(e) Look, finally, at that grand distinctive hope which sustains the Christian amidst the deaths, and funerals, and pains, and partings, and sufferings of this world. That hope is the resurrection of the flesh after death. Our bodies shall live again. The grave cannot hold them. We part from those who fall asleep in Jesus in the blessed confidence that we shall meet and see them again, better, stronger, more beautiful than they ever were upon earth. For ever let us thank God that the glorious gospel which we profess to believe makes provision for our bodies as well as our souls.

But, after all, the importance which Christianity attaches to the body is not one whir greater than that which is continually attached to it by the children of this world. It is easy to sneer at the simple facts and doctrines of Christianity, and to talk great swelling words about" mind," and "thought," and "intellect," and "reason." But there is no getting over the broad fact that it is the body and not the mind, and the wants of the body, by which the world is governed.

Statesmen and politicians know this full well, and often to their cost. Their tenure of office depends in great measure on the contentment of the people. And who does not know that nothing creates popular discontent so much as high prices of corn, and general dearness of food for the body?

Merchants and ship-owners, of all men in the world, ought to know the importance of the body. Corn, and meat, and sugar, and tea, to feed the body,--cotton and wool to clothe the body,--what are these but the very articles which create the main portion of the commerce, and carrying trade, and business of a nation?

It would be waste of time to multiply arguments on this subject. In the face of such facts as these, it is the highest wisdom, both in the Church and the State, never to forget the importance of the body. To promote cleanliness, and temperance, and social purity,--to aim at the highest standard of sanitary arrangements, and to encourage every movement which can increase the health and longevity of a people,--to provide as far as possible good air, good water, good dwellings, and cheap food for every man, woman, and child in the land,--these are objects which deserve the best attention both of the Christian and the man of the world.

There is a mine of deep truth in the saying, "Sanitas sanitatum: omnia sanitas." Whatever students and bookworms and philosophers may please to say, there is an indissoluble connection between the bodies and minds and souls of mankind. You cannot separate them. Not one of the three can be safely neglected. The Church, which only cares for saving souls, and the State, which only cares for educating minds, are both making a vast mistake. Happy is that country where body, soul, and mind are all cared for, and a continual effort made to provide for the health of all three.

II. The other remark which I wish to make is this: Observe the honour which our Lord Jesus Christ has put on the medical profession.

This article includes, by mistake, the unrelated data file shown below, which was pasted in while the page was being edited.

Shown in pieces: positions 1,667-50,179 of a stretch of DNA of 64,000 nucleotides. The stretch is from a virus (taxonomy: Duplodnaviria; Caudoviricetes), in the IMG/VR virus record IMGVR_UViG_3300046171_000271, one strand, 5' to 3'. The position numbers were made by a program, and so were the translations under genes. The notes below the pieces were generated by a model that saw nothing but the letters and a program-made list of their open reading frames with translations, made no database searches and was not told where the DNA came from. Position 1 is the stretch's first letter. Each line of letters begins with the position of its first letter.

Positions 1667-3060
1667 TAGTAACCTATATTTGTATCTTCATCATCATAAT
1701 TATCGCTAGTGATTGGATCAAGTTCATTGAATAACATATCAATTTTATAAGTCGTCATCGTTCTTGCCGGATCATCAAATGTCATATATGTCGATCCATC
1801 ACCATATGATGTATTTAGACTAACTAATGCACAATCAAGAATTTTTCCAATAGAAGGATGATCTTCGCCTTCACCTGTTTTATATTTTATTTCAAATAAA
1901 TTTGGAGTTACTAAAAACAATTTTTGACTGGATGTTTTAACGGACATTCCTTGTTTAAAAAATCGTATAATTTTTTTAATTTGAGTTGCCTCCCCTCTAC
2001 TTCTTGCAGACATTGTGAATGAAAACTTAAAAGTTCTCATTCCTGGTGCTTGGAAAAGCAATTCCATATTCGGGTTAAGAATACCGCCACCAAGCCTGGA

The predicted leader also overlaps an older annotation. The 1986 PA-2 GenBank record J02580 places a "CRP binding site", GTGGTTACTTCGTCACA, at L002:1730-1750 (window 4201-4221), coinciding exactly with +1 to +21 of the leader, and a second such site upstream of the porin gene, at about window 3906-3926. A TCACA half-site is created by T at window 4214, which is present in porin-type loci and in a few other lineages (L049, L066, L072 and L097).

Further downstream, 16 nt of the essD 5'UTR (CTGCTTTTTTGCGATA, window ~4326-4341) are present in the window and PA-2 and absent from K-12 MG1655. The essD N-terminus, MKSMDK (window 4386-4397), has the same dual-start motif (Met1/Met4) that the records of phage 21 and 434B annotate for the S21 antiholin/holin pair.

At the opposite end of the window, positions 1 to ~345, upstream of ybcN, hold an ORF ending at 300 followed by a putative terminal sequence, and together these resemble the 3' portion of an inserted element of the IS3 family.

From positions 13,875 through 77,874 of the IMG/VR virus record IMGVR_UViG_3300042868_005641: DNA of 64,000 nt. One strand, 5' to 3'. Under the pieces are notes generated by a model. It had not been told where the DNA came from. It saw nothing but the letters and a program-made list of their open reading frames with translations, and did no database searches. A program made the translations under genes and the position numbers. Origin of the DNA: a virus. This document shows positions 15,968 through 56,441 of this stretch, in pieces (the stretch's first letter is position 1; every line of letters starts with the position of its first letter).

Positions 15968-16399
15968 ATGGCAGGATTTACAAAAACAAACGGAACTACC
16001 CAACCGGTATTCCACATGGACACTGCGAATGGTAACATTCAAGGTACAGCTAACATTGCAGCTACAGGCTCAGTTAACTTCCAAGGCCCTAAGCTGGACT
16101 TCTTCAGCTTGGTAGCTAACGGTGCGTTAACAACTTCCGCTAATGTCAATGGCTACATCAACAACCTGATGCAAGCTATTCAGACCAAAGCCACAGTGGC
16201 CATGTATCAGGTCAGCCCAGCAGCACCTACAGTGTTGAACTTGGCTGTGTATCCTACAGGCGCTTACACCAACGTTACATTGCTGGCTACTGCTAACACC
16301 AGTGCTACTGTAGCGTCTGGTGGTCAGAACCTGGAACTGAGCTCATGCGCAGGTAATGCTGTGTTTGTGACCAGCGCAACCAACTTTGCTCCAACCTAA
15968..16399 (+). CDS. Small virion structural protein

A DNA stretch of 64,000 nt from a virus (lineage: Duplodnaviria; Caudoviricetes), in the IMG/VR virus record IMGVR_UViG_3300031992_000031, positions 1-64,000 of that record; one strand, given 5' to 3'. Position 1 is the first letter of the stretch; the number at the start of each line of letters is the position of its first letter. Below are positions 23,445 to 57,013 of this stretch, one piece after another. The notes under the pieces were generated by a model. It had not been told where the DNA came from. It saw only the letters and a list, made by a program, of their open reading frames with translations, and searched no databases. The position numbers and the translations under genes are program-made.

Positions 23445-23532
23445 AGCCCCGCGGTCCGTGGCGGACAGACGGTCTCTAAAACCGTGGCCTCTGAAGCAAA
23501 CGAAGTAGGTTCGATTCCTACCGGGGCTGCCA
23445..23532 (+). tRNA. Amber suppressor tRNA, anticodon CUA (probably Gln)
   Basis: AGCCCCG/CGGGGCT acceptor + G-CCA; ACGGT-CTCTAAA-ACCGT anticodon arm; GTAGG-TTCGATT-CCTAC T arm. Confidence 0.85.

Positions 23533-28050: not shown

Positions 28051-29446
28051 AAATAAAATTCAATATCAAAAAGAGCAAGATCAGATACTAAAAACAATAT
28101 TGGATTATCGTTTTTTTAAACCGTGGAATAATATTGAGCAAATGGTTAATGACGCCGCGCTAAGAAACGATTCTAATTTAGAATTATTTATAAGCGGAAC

It is a noteworthy fact, to begin with, that one of the four men whom our Lord chose to write the Gospels was a "physician." Not only does ecclesiastical history, with almost entire harmony, tell us this, but there is strong internal evidence in St. Luke's writings to confirm it. An ingenious writer has lately published a book which proves that many Greek phrases and expressions used in the third Gospel and the Acts are thoroughly medical, and such as a physician of that age would use in describing the symptoms of disease, or of returning health. In short, there is little room for doubt that out of the twenty-seven books which make up the little volume of the New Testament, two of the longest come from the pen of a medical man.

But, after all, there is another fact of even deeper significance which demands attention. I refer to the very large number of the cases of sickness and disease which our Lord Jesus Christ was pleased to heal during the period of His earthly ministry. No doubt, if He had thought fit, He could have shown His Divine power, and proved His Divine mission, by miracles like the plagues of Egypt, by calling fire from heaven like Elijah, by causing the earth to open and swallow up His enemies, as Dathan and Abiram were swallowed up in the wilderness. But He did not do so. The great majority of His wondrous works were works of mercy wrought on the suffering bodies of men and women. To cure the leprous, the dropsical, the palsied, the fevered, the lame, the blind, was the continual labour of love of Him who was "God manifest in the flesh." To use the deep and mysterious words quoted from Isaiah by St. Matthew, " Himself took our infirmities, and bare our sicknesses" (Matt. 8:17).

Now why was this? Why did our Lord adopt this line of action, and habitually condescend to devote time and attention to the humbling and often loathsome ills to which flesh is heir? Partly, I believe, to remind us that He came to remedy the fall of man; and that of all the consequences of the fall, none cause so much trouble, and affect all ranks and classes of society so thoroughly, as sickness. But partly also, I believe, to teach Christians in every age, that to minister to the sick is eminently a work of mercy according to Christ's mind. He that endeavours to check disease, to alleviate suffering, to lessen pain, to help the self-curative powers of nature, and to lengthen life, may surely take comfort in the thought, that, however much he may fail, he is at any rate walking in the footsteps of Jesus of Nazareth. Next to the office of him who ministers to men's souls, there is none really more useful and honourable than that of him who ministers to the soul's frail tabernacle --the body.